Things to do to avoid writing #2

Shop and cook for elaborate meals to cook for your family/friends/cats.

I’m a great fan of Jamie Oliver’s 30 Minute Meals. OF COURSE they don’t take 30 minutes- I’m no chef – they take at least an hour, unless you’ve practised, but they are worth the extra time. The results are FAB. (No good for a dinner party because they’re cook-and-serve – i.e. you’ll be chopping/searing/baking in the kitchen while your guests are sipping cocktails in the other room or, worse: your guests follow you into the kitchen and talk to you while you’re trying to follow the complicated burbling in Jamie’s book.)


Ideal for cooking for your family. Clear everyone out of the kitchen, put the radio on and spend a happy hour producing a healthy, hearty meal that will make your nearest and dearest love you even more. Our current favourite:

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The Perfect Writer’s Chair?

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Reblog: Friday Fun … The State of Publishing! | Rachelle Gardner

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Things to do when you have writers block…

This may well be the first in a loooonnnnng series…

Next time you’re pacing the floor wondering how you ever thought you could write, feeling too terrified to type a word because you know it will never be good enough, why not start work on that little writer’s sanctuary you’ve always dreamed of at the bottom of your garden. Order some wood, a saw and a drill and start drawing up plans.

Here’s inspiration – a gorgeous tiny house by a Finn called Robin Falck

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Snoopy’s Guide to Writing

“The blizzard doesn’t last forever; it just seems so.”

I’ve just read a Brainpickings post. It has some useful links to useful books by useful writers on writing. Most encouragingly, it has a delightful quote from Ray Bradbury.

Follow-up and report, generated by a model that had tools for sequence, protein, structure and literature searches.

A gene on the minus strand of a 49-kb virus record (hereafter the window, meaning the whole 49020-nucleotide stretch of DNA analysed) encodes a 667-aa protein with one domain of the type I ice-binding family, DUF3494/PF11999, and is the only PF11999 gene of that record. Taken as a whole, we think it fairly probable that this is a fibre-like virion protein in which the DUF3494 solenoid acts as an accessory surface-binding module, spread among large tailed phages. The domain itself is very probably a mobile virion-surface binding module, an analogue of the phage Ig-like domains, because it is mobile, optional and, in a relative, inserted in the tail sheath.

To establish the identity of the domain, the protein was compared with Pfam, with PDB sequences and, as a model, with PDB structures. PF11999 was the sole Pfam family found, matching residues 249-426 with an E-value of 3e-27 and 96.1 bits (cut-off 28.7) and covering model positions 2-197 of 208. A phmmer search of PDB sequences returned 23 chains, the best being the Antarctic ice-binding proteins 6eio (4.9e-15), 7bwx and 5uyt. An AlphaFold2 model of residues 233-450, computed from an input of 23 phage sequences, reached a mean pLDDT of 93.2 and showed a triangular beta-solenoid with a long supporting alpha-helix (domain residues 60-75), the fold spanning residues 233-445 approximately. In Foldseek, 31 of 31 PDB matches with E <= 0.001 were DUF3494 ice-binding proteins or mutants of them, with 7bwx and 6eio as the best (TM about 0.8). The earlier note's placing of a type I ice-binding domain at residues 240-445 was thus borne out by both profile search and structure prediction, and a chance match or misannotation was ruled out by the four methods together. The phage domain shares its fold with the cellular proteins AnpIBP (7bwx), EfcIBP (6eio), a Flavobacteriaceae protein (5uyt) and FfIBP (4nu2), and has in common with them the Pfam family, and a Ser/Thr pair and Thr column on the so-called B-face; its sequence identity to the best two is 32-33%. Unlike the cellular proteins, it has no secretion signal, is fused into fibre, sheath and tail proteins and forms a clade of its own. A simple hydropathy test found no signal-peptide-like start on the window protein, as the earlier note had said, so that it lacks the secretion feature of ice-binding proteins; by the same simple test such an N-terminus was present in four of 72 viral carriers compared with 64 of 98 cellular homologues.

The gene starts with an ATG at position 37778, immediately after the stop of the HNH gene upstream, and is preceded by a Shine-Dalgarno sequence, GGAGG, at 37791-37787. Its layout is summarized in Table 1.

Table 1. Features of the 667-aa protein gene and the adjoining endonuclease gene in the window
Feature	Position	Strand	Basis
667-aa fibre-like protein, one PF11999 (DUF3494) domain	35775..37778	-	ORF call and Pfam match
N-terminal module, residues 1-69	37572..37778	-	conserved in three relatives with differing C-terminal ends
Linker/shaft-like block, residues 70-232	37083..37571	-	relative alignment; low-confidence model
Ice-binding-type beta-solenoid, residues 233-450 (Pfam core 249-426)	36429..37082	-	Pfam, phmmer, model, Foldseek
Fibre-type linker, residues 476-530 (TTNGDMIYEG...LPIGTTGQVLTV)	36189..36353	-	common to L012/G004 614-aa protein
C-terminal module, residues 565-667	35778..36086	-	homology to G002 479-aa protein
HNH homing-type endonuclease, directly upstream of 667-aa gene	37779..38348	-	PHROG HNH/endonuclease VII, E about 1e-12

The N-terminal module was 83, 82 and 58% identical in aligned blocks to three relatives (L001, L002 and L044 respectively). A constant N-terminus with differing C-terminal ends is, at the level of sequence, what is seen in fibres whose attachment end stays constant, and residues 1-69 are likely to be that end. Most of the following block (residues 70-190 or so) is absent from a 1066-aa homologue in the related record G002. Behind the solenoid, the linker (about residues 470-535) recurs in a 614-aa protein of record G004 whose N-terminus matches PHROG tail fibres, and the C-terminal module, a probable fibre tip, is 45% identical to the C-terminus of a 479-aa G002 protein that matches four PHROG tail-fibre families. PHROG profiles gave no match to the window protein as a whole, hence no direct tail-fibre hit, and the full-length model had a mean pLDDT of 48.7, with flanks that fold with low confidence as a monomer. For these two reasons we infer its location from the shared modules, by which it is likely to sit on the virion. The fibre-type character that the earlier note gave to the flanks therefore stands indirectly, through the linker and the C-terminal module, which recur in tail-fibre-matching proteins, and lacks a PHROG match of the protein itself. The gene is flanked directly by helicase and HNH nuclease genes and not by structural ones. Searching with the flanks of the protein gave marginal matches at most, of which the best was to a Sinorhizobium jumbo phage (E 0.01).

“The amazing Blackstone came to town when I was seven, and I saw how he came alive onstage and thought, God, I want to grow up to be like that! And I ran up to help him vanish an elephant. To this day I don’t know where the elephant went. One moment it was there, the next —abracadabra — with a wave of the wand it was gone!

In 1929 Buck Rogers came into the world, and on that day in October a single panel of Buck Rogers comic strip hurled me into the future. I never came back.

It was only natural when I was twelve that I decided to become a writer and laid out a huge roll of butcher paper to begin scribbling an endless tale that scrolled right on up to Now, never guessing that the butcher paper would run forever.

Snoopy has written me on many occasions from his miniature typewriter, asking me to explain what happened to me in the great blizzard of rejection slips of 1935. Then there was the snowstorm of rejection slips in ’37 and ’38 and an even worse winter snowstorm of rejections when I was twenty-one and twenty-two. That almost tells it, doesn’t it, that starting when I was fifteen I began to send short stories to magazines likeEsquire, and they, very promptly, sent them back two days before they got them! I have several walls in several rooms of my house covered with the snowstorm of rejections, but they didn’t realize what a strong person I was; I persevered and wrote a thousand more dreadful short stories, which were rejected in turn. Then, during the late forties, I actually began to sell short stories and accomplished some sort of deliverance from snowstorms in my fourth decade. But even today, my latest books of short stories contain at least seven stories that were rejected by every magazine in the United States and also in Sweden! So, dear Snoopy, take heart from this. The blizzard doesn’t last forever; it just seems so.”

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